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Margaret McCann
Atlantic City, NJ
Painting




Artwork Details
Mountain Bar
2009
Oil/linen
36" x "48
HyperLink
 

Margaret McCann landed in Italy on a Fulbright grant to study depictions of saints, and to apply their strange fusion of the neurotic and the sublime to portraiture. She grew up in a family of 10 children in the 1960’s; “between these numbers Murphy’s Law was consistently operational” says McCann. This upbringing led to her interest in multiple viewpoints, complexity, absurdity, and the contradictions of Cubism and Italian Metaphysical Painting.

 

In Italy McCann began painting still lifes as visionary cities, then placed giants in them, like a figure sleeping in the Colosseo, or the volcano Vesuvio. When she couldn’t afford a model she used a Venus torso, placing it in La Grande Arche in Paris. Increasingly, her imagery has led back to American popular culture, humor, bright color, and a ‘panoply’ sensibility. McCann has recently returned to a motif she explored in graduate school - Stuff piled on her head—the Guggenheim Museum, a Marge Simpson beehive, Christo creations—utilizing self-portraiture as surrealist architecture.

 

McCann explores her relationship with her new home town, Atlantic City in her statement for the show “Greetings from Atlantic City” at Stockton College through April 1st, “Atlantic City reminds me of the historical center of Rome, where I lived for 8 years—but inversely, as a kind of anti-Rome. Both have intense visual drama and a small scale that creates a sculptural effect. Both possess self-conscious architecture; Roman ruins are tourist attractions, and Atlantic City’s new-fangled buildings aim to entertain…Rome's beauty is romantic and unambiguous, but Atlantic City’s is ironic and surprising, cheerful and pathetic…The Boardwalk negotiates the odd confrontation between its unrestrained, neon-lit structures and the inscrutable stare of the ocean.”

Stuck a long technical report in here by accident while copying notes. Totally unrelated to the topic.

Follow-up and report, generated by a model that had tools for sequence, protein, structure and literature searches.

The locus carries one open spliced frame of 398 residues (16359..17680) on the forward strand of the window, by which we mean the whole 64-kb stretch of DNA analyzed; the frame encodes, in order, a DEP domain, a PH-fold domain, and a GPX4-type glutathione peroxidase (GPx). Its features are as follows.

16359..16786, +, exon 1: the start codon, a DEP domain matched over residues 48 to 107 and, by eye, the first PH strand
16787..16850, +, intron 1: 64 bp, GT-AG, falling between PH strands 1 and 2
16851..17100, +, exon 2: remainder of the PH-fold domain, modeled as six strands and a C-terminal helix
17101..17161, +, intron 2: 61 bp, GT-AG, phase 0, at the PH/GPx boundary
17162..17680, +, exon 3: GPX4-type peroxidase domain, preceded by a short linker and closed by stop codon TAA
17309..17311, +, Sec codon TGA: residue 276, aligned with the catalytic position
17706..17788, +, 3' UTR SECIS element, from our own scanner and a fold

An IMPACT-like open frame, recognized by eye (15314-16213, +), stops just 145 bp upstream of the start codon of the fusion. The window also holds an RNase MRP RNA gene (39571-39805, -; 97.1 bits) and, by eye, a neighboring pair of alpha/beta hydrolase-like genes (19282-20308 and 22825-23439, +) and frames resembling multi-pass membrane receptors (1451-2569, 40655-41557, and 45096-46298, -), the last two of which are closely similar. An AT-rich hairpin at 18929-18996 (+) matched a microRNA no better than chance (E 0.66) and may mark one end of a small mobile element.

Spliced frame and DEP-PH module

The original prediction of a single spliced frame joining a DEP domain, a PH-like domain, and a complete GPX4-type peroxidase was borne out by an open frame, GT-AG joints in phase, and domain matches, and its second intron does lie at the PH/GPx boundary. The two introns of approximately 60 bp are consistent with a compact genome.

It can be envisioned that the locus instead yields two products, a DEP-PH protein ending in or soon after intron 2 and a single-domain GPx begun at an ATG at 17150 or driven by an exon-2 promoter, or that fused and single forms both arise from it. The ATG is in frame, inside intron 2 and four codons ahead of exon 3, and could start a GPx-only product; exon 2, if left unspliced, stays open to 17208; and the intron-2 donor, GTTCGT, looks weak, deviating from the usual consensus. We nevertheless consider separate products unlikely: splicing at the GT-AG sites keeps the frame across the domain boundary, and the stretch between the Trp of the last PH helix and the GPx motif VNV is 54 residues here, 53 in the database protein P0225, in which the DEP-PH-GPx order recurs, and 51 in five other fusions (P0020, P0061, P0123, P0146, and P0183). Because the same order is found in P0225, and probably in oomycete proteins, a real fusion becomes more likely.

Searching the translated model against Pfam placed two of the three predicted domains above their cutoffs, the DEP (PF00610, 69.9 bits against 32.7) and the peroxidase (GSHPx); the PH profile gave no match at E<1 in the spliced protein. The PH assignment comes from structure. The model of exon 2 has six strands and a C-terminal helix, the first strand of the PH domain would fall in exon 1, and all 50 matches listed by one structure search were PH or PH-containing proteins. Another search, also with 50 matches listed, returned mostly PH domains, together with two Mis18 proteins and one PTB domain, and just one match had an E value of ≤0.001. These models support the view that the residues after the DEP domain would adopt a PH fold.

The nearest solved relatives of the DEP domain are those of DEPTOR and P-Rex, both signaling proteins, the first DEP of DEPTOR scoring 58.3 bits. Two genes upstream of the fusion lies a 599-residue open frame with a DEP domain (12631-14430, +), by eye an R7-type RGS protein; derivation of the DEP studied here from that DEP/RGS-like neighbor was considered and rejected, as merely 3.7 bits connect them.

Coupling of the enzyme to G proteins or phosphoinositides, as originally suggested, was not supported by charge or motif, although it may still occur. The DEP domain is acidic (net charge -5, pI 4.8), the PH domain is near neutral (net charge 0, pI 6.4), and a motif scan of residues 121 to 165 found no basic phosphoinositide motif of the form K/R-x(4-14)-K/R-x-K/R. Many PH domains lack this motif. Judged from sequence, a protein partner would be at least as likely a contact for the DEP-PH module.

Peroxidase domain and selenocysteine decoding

Margaret McCann has had solo shows at Antonia Jannone Disegni di Architettura in Milan, The Painting Center in New York, in Chicago, Boston, Rome, and exhibits with the Zeuxis still life group. Her work has been reviewed in La Repubblica, Corriere della Sera, and the NY Observer. She studied at Yale, The New York Studio School, and Washington U. in St. Louis, and was awarded Fulbright, Ingram-Merrill, and Blanche E. Colman grants, and residencies at the Ragdale and Millay colonies and the Cite Internationale des Arts in Paris. She taught art in Rome for 8 years, and was an asst. prof. at Boston U. for 10 years, for 2 years at UNH and Syracuse U.,  and now teaches at the Richard Stockton College of NJ. She has also published poetry and has written art reviews for Art New England, The Portsmouth Herald, and a humor column “Woman on the Street” for wirenh.com.

Images